Let us assume that we have connected two identical pendulums with a spring, one have held by hand, and another have deviated aside so the spring is stressed. Release now both pendulums. How they will move? Intuitively it seems that the still pendulum will set into the motion under action of a spring and after a while both pendulums will oscillate chaotically having approximately equal stock of energy. Actually the system does not come into such final state. Instead of it the pendulums will periodically exchange the energy and stop by turns.
Swapping of energy
Typical example of oscillatory system in which there is periodic "swapping" of energy is two identical pendulums hung to a horizontal rod which in turn is suspended on two cords. Pendulums are "connected" with each other due to a rod. If we swing one pendulum in a plane perpendicular to rod, then the oscillatory energy will begin to be transferred to other pendulum. After the end of this process the energy will be transferred in the opposite direction. Thus, there is a periodic exchange of energy between the pendulums in this case. As a result the amplitude of oscillation of every pendulum is periodically changed. When one pendulum oscillate with the maximal amplitude the other one is still.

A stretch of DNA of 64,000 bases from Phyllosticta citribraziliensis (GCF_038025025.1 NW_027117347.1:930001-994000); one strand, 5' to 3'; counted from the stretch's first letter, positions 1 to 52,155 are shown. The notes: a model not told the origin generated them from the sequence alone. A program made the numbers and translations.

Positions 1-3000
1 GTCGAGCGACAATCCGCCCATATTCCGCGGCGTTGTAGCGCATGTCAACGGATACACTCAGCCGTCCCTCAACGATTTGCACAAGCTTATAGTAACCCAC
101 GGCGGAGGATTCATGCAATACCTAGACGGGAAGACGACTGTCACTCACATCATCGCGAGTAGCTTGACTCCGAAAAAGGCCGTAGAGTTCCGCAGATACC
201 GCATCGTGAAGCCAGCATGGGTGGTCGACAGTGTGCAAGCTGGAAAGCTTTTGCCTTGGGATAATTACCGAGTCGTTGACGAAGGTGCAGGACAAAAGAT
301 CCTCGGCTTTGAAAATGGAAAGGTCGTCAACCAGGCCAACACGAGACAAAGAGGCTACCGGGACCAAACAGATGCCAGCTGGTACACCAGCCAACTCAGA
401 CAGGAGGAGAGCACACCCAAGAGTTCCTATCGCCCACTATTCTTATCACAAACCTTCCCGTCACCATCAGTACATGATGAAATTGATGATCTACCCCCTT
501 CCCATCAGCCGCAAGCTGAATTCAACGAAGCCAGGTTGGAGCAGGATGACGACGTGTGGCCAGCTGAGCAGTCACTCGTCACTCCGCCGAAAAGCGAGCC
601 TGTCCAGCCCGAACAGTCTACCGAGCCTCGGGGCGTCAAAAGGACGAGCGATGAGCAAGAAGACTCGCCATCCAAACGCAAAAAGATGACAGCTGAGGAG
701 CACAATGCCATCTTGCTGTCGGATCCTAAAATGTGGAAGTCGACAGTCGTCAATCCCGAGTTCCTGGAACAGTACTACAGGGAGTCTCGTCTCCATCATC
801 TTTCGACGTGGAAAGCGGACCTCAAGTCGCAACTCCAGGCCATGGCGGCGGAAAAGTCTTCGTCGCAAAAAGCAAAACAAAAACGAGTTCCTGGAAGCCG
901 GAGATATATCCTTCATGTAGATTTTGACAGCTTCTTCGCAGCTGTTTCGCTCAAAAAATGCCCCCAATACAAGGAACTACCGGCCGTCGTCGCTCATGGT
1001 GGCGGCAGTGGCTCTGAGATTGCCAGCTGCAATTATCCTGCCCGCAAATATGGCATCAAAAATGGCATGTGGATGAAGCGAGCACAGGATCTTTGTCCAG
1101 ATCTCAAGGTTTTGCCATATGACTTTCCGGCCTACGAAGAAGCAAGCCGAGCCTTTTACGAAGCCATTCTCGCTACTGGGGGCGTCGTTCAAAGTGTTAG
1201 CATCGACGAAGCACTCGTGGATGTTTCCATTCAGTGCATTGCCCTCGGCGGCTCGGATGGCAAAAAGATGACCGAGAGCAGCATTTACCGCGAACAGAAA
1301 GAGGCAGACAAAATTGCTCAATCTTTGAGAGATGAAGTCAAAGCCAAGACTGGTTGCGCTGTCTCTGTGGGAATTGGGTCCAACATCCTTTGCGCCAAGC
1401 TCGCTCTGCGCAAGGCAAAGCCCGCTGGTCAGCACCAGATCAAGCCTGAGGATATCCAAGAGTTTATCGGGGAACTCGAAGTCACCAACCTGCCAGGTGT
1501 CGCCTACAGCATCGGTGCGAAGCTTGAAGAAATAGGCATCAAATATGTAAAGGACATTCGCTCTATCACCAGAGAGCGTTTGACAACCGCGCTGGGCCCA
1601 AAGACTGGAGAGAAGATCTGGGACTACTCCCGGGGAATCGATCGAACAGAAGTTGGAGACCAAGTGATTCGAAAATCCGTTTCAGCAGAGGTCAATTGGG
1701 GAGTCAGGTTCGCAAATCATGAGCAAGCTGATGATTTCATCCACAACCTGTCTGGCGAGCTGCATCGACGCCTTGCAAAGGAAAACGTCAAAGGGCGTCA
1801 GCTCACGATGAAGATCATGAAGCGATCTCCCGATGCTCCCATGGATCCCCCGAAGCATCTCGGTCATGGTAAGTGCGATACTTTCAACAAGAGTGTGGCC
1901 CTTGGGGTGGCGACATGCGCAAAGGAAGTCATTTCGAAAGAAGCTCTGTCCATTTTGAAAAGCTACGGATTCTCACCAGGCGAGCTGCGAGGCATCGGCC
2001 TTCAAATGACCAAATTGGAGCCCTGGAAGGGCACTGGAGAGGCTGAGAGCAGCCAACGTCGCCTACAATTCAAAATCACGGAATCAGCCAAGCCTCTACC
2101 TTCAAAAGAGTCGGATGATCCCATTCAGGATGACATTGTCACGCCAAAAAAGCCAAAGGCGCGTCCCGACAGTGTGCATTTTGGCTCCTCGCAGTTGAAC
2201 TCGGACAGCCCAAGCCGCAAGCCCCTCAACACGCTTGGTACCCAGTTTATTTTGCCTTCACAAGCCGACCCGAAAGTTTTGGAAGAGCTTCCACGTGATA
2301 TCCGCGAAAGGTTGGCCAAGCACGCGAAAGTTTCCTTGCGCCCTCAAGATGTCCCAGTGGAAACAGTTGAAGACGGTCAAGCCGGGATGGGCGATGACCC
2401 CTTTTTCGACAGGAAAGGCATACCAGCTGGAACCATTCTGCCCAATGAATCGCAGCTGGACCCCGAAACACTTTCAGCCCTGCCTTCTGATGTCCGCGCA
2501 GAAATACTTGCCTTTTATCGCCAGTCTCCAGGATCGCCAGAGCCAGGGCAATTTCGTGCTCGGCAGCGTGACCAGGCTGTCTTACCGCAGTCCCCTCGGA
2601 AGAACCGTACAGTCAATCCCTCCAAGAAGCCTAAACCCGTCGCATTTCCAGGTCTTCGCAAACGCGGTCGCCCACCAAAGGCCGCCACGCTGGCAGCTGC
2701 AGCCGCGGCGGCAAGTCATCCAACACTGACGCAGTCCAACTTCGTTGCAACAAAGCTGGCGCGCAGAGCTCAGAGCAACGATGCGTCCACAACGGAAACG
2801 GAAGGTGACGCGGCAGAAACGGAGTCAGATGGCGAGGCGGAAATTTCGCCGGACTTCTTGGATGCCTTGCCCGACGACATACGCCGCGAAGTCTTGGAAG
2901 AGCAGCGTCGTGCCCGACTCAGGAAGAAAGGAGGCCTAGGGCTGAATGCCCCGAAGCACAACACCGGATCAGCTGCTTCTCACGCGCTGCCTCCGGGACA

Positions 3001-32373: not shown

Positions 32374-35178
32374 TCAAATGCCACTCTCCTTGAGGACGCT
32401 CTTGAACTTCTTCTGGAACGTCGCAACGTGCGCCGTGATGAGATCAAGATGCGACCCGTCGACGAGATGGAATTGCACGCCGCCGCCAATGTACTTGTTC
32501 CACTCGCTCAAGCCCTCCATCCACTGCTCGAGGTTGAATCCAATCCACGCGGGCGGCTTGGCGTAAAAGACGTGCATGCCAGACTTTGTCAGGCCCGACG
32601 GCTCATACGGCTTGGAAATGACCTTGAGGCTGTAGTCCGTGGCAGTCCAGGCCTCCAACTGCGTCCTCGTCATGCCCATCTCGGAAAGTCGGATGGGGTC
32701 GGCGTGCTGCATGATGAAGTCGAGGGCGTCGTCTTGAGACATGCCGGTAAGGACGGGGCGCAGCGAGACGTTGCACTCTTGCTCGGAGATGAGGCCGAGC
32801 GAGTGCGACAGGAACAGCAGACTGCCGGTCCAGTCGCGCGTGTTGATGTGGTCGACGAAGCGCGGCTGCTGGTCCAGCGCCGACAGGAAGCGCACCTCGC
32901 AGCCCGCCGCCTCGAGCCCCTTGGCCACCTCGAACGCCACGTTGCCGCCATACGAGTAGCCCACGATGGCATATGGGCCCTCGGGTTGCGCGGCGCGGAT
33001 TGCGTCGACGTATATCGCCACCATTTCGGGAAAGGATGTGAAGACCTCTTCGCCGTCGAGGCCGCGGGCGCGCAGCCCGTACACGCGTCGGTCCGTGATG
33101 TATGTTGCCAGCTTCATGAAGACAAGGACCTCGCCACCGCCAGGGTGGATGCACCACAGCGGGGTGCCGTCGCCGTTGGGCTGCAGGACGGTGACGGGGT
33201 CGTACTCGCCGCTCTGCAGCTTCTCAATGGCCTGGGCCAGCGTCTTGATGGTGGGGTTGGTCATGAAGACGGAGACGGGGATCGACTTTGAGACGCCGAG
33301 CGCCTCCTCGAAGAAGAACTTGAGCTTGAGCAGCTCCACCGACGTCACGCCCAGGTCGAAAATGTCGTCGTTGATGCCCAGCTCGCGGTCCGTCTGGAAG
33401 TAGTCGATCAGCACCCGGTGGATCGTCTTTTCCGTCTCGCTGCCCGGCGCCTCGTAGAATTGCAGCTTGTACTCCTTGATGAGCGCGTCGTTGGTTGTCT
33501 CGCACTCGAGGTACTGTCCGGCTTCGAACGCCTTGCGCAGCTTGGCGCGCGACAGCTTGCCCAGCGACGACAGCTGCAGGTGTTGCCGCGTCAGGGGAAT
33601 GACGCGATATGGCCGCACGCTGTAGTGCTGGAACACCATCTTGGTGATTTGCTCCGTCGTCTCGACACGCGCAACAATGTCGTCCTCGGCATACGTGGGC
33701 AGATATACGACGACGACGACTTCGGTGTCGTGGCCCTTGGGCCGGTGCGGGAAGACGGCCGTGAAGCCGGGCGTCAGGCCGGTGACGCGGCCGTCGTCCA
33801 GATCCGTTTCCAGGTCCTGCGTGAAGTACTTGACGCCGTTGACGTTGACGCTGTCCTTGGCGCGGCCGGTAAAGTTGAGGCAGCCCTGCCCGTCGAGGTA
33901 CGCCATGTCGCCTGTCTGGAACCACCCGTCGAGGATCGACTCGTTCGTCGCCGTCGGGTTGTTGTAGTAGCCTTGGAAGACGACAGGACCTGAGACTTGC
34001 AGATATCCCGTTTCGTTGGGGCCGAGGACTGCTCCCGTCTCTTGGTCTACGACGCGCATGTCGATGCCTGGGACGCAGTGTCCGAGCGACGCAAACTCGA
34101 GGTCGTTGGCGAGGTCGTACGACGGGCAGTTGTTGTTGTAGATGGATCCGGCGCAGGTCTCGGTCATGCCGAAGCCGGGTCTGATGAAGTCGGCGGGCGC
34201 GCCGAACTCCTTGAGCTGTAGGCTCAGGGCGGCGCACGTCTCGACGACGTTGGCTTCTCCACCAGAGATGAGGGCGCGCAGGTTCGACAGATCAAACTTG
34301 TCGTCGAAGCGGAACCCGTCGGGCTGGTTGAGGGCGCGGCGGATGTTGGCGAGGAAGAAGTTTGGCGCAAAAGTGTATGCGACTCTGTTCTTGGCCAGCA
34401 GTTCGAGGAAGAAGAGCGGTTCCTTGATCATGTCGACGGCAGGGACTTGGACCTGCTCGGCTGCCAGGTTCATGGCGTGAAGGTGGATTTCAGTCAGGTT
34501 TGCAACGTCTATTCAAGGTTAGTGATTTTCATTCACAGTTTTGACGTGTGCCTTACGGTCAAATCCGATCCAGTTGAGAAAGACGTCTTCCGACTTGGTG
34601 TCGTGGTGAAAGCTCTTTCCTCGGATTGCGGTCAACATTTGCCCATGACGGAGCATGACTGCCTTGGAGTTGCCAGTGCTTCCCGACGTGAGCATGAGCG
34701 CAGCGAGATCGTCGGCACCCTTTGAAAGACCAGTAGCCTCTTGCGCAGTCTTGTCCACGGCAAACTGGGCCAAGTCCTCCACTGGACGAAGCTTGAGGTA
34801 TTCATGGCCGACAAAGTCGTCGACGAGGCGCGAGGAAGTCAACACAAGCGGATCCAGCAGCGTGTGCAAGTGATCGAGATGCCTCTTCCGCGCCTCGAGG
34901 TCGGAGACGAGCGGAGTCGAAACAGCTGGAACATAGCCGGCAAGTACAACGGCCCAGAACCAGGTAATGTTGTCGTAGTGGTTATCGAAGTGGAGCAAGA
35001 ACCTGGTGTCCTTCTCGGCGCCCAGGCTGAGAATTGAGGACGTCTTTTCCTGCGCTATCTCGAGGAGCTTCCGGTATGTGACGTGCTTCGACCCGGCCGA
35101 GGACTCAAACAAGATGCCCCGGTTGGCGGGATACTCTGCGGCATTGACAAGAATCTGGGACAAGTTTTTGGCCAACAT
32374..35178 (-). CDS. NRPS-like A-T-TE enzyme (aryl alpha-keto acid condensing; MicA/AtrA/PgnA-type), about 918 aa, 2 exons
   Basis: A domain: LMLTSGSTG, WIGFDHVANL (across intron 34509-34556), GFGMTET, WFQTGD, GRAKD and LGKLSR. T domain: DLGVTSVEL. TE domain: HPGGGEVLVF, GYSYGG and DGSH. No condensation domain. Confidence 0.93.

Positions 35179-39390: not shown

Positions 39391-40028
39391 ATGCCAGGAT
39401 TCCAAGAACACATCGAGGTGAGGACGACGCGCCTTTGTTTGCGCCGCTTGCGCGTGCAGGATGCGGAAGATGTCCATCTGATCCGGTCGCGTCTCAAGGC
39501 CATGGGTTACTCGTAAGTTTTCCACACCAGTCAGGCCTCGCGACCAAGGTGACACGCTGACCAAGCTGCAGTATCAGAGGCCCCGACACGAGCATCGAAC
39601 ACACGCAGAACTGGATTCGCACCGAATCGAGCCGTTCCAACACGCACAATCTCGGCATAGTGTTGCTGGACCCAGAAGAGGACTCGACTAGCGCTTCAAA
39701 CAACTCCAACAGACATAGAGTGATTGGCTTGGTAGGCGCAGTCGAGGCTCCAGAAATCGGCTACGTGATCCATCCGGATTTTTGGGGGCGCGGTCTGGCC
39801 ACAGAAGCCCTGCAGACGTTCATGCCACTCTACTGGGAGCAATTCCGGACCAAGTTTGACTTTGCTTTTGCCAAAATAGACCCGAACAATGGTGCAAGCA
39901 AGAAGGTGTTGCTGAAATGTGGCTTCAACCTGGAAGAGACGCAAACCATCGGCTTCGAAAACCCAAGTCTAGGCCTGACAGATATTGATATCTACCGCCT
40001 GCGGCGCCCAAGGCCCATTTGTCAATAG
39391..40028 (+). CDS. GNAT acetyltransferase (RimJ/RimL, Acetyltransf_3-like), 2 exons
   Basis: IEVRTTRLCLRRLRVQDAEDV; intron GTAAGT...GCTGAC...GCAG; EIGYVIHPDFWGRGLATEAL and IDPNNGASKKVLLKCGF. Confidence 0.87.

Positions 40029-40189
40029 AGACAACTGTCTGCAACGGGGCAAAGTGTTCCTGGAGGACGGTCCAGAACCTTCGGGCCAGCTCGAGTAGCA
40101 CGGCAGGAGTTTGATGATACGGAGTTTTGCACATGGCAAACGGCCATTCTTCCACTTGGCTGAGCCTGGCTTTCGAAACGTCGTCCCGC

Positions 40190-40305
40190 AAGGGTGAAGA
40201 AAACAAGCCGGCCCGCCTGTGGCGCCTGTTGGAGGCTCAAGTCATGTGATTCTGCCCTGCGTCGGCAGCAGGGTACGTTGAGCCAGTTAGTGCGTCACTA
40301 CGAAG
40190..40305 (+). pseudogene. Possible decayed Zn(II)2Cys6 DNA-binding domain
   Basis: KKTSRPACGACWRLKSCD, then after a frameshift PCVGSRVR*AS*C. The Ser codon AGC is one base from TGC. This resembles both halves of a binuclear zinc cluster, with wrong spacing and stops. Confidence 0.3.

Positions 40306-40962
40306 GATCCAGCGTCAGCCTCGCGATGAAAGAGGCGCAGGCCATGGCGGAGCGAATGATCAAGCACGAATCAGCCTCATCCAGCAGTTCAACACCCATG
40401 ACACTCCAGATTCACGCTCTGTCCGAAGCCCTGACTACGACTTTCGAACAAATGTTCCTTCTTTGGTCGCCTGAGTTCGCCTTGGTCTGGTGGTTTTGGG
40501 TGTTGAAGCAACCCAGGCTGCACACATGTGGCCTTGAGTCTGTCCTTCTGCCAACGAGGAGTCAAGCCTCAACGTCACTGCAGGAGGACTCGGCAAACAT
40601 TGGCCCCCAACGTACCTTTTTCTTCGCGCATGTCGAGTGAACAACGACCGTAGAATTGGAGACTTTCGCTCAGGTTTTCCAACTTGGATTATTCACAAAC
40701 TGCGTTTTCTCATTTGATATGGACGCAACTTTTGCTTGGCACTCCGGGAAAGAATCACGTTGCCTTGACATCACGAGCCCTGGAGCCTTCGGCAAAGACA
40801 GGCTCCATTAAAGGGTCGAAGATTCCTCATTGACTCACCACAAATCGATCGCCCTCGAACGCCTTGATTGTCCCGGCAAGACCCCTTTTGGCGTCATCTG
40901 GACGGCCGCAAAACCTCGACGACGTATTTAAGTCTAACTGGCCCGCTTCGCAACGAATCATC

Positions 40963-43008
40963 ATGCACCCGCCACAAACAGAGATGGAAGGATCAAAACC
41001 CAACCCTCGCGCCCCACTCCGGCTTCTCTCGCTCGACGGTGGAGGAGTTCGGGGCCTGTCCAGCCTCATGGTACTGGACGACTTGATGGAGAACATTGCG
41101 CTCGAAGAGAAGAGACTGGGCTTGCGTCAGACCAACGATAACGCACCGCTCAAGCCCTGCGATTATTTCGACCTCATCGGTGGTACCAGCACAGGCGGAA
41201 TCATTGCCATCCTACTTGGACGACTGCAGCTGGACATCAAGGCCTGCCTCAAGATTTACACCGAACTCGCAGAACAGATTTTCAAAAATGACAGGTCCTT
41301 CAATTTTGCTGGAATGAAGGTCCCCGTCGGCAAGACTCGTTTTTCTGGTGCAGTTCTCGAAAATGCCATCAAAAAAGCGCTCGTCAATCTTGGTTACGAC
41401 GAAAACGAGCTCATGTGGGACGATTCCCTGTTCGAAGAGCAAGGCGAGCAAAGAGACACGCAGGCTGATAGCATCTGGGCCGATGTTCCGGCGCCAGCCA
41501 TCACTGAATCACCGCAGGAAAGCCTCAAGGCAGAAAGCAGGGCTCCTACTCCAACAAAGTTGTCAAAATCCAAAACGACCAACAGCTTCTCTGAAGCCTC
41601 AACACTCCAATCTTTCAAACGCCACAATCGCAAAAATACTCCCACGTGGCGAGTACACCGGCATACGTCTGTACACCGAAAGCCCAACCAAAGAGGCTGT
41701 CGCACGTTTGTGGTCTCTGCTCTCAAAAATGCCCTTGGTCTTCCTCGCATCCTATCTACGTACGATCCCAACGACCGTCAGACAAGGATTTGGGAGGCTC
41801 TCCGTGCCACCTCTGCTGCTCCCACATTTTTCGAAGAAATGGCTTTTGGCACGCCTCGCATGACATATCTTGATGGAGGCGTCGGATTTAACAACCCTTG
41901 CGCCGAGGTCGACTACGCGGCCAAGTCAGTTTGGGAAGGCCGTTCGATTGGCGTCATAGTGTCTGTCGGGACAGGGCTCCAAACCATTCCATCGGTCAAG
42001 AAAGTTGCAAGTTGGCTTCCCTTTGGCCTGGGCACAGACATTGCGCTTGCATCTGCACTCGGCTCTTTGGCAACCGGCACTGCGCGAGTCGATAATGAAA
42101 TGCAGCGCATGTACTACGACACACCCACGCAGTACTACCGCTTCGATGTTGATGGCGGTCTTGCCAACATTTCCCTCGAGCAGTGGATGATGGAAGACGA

Modes of oscillation
Next we shall consider the system of two identical pendulum connected with a
spring as shown in animation.
Motion of pendulums can be analyzed considering so-called normal modes of oscillation, which represent the certain types of oscillatory motion of a system. In such an oscillation the exchange of energy between pendulums is absent and the amplitude of oscillation (for example, the angle of deviation from the vertical) for each pendulum remains a constant. Normal modes are associated with symmetry of the pendulum motion. Let us assume that the pendulums are deviated by identical angles to the left and then released. Oscillating, they do not change the length of a spring (we can assume that there is no spring at all), so there is no transfer of energy from one pendulum to another. Such synchronous oscillation is called normal.
The second normal mode can be demonstrated if we
deviate the pendulums
by equal angles, but in the opposite directions. If we release the pendulums simultaneously,
they will oscillate by such a way that their movements will be a mirror reflections each other.
In such an oscillation the spring is stretched and compressed periodically and consequently
it influences the pendulum motion. The spring acts on the first pendulum with
the same force it acts on the second pendulum. So, for example, pushing the first
pendulum to the left, the spring pushes the second pendulum with the same force to the right. Symmetry of forces
prohibits the energy to be transferred from one pendulum to another and
therefore the amplitudes of oscillation of both pendulums remain constant.